If you you sand them, you will be removing (what's left) of the factory UV coating, so they will oxidize much quicker, and require frequent "upkeep" afterwards. The best way to mitigate that is to spray them with a quality clear coat when you are done with the sanding process. If you don't want to shoot them with clear, you can apply a good Clear-Bra type material instead (some people do both clear coat and clear-bra film). Or, you can even do a clear vinyl wrap on them. Although, most wrap material is typically thinner (less protective) than true clear-bra material.

 

 

If it gets hazzy that means the factory clear coat is already gone. Putting a clear coat on it will just make it harder. Cleaning the headlights once you do the sanding process is a scheduled maintenance thing a not a repair and forget about it. 

Paul321
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I plan to restore mine soon as well, with my previous car I sanded and polished with a 3M kit but did not apply a UV protectant (unaware at that time). Those headlights fogged again over in the course of a year.
I plan to use a kit with UV protectant this time around.
I will most likely get one of these kits, if available locally.
The Best Headlight Restoration Kits

I have watched a bunch of you tube home-brew methods, I am not convinced with what I viewed

Paul-

bibihang
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freefly wrote:
You can wet-sand starting with +/- 400 grit (or even 220 if they are really bad/pitted), and work your way up to 1500/2000. Once you are happy with the finish @ 1500/2000 (should still be a bit dull), clean with IPA and shoot them with a a few coats of a quality 2K UV clear coat. Once cured, wet sand again w/ 1500/2000 to remove orange peal from the clear coat, then polish . If you just wet sand and polish the plastic without using a clear coat, they will haze/yellow again in no time. Also, beware this is a fairly messy job!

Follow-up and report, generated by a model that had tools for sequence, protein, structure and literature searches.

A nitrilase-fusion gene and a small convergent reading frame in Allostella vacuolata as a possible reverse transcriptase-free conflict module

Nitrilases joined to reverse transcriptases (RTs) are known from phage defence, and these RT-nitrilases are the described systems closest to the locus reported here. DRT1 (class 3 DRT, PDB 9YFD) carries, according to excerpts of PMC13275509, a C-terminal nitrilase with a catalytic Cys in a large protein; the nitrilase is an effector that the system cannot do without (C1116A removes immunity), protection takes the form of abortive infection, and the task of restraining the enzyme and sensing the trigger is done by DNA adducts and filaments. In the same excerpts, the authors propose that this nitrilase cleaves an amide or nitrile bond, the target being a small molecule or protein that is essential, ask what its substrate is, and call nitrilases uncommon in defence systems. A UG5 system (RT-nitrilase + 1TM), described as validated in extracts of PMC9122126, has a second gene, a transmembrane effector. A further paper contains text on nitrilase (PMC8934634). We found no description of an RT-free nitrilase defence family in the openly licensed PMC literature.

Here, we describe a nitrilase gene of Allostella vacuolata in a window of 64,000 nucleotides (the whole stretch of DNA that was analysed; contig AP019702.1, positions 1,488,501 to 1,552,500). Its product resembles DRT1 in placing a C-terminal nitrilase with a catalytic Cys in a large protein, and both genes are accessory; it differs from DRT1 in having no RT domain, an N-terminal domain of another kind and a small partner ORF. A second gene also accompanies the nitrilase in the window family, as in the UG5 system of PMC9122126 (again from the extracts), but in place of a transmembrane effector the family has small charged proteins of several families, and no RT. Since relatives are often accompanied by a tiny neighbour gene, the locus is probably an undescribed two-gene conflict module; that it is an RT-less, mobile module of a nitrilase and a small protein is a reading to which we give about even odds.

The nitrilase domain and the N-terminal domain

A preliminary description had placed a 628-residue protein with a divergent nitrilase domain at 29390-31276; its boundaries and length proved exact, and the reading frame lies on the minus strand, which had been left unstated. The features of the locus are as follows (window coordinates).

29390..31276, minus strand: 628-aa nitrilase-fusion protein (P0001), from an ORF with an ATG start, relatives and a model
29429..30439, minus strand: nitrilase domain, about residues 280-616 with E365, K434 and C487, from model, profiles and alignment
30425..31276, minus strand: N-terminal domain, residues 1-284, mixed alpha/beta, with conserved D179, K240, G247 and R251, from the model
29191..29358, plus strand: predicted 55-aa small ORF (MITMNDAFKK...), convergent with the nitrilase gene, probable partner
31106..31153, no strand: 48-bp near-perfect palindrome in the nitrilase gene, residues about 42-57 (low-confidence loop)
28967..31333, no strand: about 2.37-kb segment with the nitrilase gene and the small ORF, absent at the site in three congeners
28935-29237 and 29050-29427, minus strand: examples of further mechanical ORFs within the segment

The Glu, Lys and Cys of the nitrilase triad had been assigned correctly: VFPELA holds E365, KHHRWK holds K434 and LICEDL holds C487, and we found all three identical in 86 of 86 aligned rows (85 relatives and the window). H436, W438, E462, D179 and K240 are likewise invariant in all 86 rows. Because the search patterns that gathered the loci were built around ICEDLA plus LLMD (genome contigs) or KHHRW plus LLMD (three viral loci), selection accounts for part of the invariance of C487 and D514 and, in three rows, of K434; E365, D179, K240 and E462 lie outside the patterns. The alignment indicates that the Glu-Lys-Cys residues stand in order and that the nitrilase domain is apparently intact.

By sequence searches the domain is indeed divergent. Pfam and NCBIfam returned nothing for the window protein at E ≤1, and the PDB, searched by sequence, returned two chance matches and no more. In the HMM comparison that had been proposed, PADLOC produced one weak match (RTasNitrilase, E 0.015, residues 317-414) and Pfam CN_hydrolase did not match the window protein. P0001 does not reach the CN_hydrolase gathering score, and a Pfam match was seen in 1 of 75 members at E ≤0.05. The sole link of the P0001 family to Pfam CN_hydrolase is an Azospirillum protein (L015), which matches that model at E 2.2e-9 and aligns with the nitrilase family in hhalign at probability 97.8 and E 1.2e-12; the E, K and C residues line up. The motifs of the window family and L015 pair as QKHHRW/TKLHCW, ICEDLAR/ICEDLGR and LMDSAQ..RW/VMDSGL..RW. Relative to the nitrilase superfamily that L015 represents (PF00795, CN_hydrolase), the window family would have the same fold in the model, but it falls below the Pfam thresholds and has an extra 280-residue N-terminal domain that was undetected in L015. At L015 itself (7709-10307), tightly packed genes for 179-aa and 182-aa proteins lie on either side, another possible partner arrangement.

Thanks for the great advice. Any recommendation for the good clear-coat product?
freefly
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bibihang wrote:
freefly wrote:
You can wet-sand starting with +/- 400 grit (or even 220 if they are really bad/pitted), and work your way up to 1500/2000. Once you are happy with the finish @ 1500/2000 (should still be a bit dull), clean with IPA and shoot them with a a few coats of a quality 2K UV clear coat. Once cured, wet sand again w/ 1500/2000 to remove orange peal from the clear coat, then polish . If you just wet sand and polish the plastic without using a clear coat, they will haze/yellow again in no time. Also, beware this is a fairly messy job!

Thanks for the great advice. Any recommendation for the good clear-coat product?

SprayMax makes a quality 2k (2 component) clear, as well as a “primer” (polycarb adhesion promoter).
They also sell both together as a set specifically for headlight restoration (smaller cans). Thumbs Up

EDIT: Found the part numbers for each:

SprayMax 2k clearcoat: P/N: 684066
SprayMax 1k polycarbonate sealer/primer: P/N: 684098
SprayMax sealer/clearcoat set: P/N: 684099

Beer
bibihang
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freefly wrote:
SprayMax makes a quality 2k (2 component) clear, as well as a “primer” (polycarb adhesion promoter).
They also sell both together as a set specifically for headlight restoration (smaller cans). Thumbs Up

EDIT: Found the part numbers for each:

SprayMax 2k clearcoat: P/N: 684066
SprayMax 1k polycarbonate sealer/primer: P/N: 684098
SprayMax sealer/clearcoat set: P/N: 684099

Beer
Thank you! Beer